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Running TurboGears as a Windows Service


The pywin32 package (previous known as win32all) with win32all docs avaiable at Mark Hammond’s Starship Python site.

This must be installed before the Windows service functionality can be used.

Installation Instructions

1. Download is an attachment for this page.

Note: this file does not have to be in the same directory as the TG application code.

2. Edit contains a user’s “USER EDIT SECTION” which may need to be edited. If is located in the TG application’s base directory, then the default values do not need to be changed. A description of each variable follows:


Name of the service (used in the Windows registry).

Default: The capitalized name of the directory where the file is located.


Name that will be displayed in the Windows Services management console.

Default: The capitalized name of the directory where the file is located.


Base directory of the TG application code. This should be the same directory where the *appname*, dev.cfg, or prod.cfg files are located.

Default: The directory where the file is located.


The fully qualified name of the main TG class. For example, if you were enabling the 20 Minute Wiki tutorial as a Windows service, then the fully qualified class name would be ‘wiki20.controllers.Root’.

Default: *packagename*.controllers.Root


The name of the configuration module.

Default: *packagename*.config


The location for the app’s stdout and stderr log files.

Default: code_dir

3. Control your Service

Open a command prompt and navigate to the directory where is located. Use the following commands to install/start/stop/remove your service:                        (Lists all available options) install                (Installs the service with a manual startup ) --startup auto install (Installs the service with auto startup) start                  (Starts the service) stop                   (Stops the service) remove                 (Removes the service)

The service should now be accessible and controllable from the Window Services management console.


  • The autoreload functionality does not work when a CherryPy application is run as a Windows service (it crashes the service). Therefore, the code will disable the autoreload functionality before the server is started.

  • When the Python code runs as a Windows service, the current directory is automatically set to C:\<python-install-dir>\lib\site-packages\win32. uses the code_dir value to reset the current directory to the base directory of the TG application.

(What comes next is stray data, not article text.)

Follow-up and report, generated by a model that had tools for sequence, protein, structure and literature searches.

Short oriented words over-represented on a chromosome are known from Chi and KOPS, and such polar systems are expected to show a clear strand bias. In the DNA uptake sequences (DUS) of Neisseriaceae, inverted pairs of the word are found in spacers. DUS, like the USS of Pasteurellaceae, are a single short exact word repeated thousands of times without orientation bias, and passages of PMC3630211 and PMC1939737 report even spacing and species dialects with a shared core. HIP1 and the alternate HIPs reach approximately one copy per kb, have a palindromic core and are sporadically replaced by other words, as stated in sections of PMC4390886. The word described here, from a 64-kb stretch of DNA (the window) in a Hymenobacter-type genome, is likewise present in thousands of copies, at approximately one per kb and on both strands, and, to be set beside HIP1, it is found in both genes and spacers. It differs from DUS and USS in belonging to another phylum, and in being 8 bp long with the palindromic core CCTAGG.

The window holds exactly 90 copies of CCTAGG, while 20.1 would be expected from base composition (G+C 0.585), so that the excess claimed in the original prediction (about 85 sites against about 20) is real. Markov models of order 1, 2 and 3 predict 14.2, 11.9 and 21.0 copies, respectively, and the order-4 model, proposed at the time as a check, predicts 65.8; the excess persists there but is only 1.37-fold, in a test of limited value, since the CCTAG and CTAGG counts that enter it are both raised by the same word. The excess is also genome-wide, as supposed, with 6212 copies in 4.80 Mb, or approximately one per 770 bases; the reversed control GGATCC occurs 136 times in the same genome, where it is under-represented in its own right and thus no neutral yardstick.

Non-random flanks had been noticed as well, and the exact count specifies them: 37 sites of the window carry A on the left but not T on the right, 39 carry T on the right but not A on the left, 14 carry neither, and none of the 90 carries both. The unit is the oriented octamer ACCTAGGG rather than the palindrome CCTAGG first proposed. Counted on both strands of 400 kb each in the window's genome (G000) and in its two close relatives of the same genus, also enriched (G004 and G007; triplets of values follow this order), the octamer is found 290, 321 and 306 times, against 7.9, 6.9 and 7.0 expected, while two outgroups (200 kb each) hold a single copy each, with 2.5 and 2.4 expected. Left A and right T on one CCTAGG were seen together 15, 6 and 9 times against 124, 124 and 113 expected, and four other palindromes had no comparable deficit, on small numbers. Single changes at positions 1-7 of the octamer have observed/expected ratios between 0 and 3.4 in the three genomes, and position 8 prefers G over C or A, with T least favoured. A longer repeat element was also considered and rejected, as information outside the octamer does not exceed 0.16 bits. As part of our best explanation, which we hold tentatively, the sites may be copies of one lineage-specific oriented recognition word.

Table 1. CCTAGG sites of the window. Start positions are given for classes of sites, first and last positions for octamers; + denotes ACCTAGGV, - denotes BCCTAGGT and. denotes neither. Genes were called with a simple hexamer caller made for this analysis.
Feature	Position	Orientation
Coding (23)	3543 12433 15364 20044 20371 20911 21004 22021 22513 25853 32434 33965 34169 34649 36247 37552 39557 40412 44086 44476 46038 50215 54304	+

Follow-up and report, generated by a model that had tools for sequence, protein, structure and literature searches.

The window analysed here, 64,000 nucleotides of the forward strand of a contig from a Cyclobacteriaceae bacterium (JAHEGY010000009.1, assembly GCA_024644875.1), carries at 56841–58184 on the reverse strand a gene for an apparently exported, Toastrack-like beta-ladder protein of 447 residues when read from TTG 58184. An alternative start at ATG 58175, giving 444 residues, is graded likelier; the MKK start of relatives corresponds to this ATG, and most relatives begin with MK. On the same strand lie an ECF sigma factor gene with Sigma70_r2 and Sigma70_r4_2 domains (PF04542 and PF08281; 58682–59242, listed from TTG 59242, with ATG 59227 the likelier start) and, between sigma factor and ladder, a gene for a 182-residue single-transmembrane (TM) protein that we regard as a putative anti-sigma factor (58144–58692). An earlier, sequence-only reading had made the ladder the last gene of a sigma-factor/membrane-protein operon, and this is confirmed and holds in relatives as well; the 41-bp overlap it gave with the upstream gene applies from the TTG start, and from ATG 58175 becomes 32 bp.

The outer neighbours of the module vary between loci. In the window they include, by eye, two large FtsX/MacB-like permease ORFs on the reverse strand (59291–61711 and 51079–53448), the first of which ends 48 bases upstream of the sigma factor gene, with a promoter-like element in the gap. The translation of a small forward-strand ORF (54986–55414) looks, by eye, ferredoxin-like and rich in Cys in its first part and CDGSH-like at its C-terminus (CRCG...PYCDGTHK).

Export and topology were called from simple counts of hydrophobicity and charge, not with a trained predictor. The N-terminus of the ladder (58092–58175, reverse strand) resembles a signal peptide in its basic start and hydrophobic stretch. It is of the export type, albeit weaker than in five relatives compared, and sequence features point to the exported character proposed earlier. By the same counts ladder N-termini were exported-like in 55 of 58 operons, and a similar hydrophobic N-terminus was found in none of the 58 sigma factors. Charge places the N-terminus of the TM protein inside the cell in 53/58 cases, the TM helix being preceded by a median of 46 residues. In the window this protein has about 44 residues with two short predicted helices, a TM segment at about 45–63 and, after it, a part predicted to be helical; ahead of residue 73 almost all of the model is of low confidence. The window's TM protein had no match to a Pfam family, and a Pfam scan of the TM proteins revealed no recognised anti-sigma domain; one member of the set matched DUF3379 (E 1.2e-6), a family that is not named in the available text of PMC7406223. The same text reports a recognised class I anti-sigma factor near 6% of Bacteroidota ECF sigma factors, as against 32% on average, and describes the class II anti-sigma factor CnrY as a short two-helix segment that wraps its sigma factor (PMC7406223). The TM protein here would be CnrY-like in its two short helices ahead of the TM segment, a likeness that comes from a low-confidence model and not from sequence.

• The stdout and stderr output is redirected to two files (stdout.log and stderr.log). stdout and stderr must be redirected because when running as a service, they don’t have a valid file to write to. So, when Windows attempts to flush stdout or stderr, the service crashes and the following entry is found in the Windows Event Application Logs:

    The instance's SvcRun() method failed
      File "C:\Python24\lib\site-packages\win32\lib\", line 742, in SvcRun
      File "C:\Documents and Settings\<user>\Desktop\", line 80, in SvcDoRun
      File "C:\Documents and Settings\<user>\Desktop\", line 115, in tg_init
        print 'try to crash the buffer over and over again...'
    exceptions.IOError: (9, 'Bad file descriptor')
  • The CherryPy site also lists a similar method of creating a CherryPy Windows service.


Use the Windows Event Viewer, the stdout, and the stderr log files to locate problems with your application.

If you need to have more than one service, for multiple applications, I found I needed to rename, to a different file name for each application. Not doing this meant the services interfered with each other.

If your service stops when you log off Windows, try the following modification to the code:


stop_event = win32event.CreateEvent(None, 0, 0, None)

def SvcDoRun(self):
    """ Called when the Windows Service runs. """

    cherrypy.root = self.root()
    win32event.WaitForSingleObject(TGWindowsService.stop_event, win32event.INFINITE)